Calculator on the wrist:

    Introduction to turret scopes:

  5. I am surprised to see something like this on a survival website. IMO, there is nothing wise about being so dependent upon a smartphone.

    Have any of you seen this news article? This is one of thousands of examples. Your smartphone is nothing but a tracker. Always listening, tracking and mapping your behavior.

    1. Only if you have it turned on continuously. I turn mine on only three times per day (morning, noon, evening) and turn it off again after replying to texts or connected email. I exclusively use Protonmail, Signal, and WhatsApp, and even then I’m judicious about what personal info I choose to send.

      A Faraday bag works to block any outside attempts to ‘ping’ your phone.

      1. Have you researched law enforcement backdoor for cell phones? It is a service that phone companies offer to law enforcement to be able to access your phone, and if I recall, even power it on.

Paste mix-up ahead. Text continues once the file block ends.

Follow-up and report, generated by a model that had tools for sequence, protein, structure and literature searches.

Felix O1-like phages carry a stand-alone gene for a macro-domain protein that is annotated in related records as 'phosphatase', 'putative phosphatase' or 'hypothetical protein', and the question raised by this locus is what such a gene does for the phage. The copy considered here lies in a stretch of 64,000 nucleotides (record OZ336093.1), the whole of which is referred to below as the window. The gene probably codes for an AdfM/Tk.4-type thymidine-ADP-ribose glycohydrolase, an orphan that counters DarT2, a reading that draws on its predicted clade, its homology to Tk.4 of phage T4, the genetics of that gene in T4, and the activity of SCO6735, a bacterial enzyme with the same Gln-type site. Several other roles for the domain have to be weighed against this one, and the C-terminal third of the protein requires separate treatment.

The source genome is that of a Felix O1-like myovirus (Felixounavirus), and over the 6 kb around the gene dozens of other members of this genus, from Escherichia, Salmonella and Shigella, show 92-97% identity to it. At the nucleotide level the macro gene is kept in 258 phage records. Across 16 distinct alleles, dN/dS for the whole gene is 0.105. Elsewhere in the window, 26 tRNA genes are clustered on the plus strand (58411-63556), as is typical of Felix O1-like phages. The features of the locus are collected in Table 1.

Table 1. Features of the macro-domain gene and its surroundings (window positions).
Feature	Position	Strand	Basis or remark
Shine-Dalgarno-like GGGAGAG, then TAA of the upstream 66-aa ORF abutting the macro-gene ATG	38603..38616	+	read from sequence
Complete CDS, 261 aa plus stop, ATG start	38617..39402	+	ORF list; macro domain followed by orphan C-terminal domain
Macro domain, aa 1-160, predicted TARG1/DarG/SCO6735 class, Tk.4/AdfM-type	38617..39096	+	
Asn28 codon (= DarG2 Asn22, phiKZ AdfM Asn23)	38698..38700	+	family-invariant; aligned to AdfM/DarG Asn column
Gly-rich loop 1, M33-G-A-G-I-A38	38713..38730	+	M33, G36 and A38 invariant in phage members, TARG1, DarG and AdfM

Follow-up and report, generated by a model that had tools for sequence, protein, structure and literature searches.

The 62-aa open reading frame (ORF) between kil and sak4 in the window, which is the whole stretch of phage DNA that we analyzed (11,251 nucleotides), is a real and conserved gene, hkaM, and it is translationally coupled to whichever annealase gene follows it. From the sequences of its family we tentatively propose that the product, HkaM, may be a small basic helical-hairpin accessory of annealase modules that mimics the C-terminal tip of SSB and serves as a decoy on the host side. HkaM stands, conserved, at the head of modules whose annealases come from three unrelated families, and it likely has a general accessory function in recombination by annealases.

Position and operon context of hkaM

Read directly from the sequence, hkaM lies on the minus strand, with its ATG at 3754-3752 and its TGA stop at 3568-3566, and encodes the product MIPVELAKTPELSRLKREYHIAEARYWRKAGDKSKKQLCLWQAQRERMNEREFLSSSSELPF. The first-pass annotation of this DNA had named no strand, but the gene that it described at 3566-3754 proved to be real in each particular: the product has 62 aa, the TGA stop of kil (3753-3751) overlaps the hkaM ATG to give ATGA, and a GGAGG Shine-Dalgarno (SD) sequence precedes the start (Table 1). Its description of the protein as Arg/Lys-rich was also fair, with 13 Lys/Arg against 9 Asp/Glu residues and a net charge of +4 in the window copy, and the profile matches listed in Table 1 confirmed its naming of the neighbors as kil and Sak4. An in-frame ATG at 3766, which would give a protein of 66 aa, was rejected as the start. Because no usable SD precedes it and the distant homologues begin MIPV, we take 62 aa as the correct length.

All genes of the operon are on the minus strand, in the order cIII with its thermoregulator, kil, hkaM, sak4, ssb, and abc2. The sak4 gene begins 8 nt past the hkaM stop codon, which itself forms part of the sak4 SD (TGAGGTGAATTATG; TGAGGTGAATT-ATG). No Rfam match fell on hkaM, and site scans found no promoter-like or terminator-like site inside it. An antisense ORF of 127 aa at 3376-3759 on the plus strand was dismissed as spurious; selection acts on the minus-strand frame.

Also, while the name may have changed, there is a system called “Looking Glass” that collects all of your digital transactions: emails, purchases, texts, etc… as to create a profile.

        Take this together with what is called 3 hop analysis, which is granted power by the courts, if someone is suspected to be a terrorist, law enforcement can legally target their phone, and everyone on their contact list, and then everyone on those contact lists, and again, a 3rd time, of a contact list. In short, this could reasonably give law enforcement legal reasons to monitor thousands of people just simply by investigating a single person.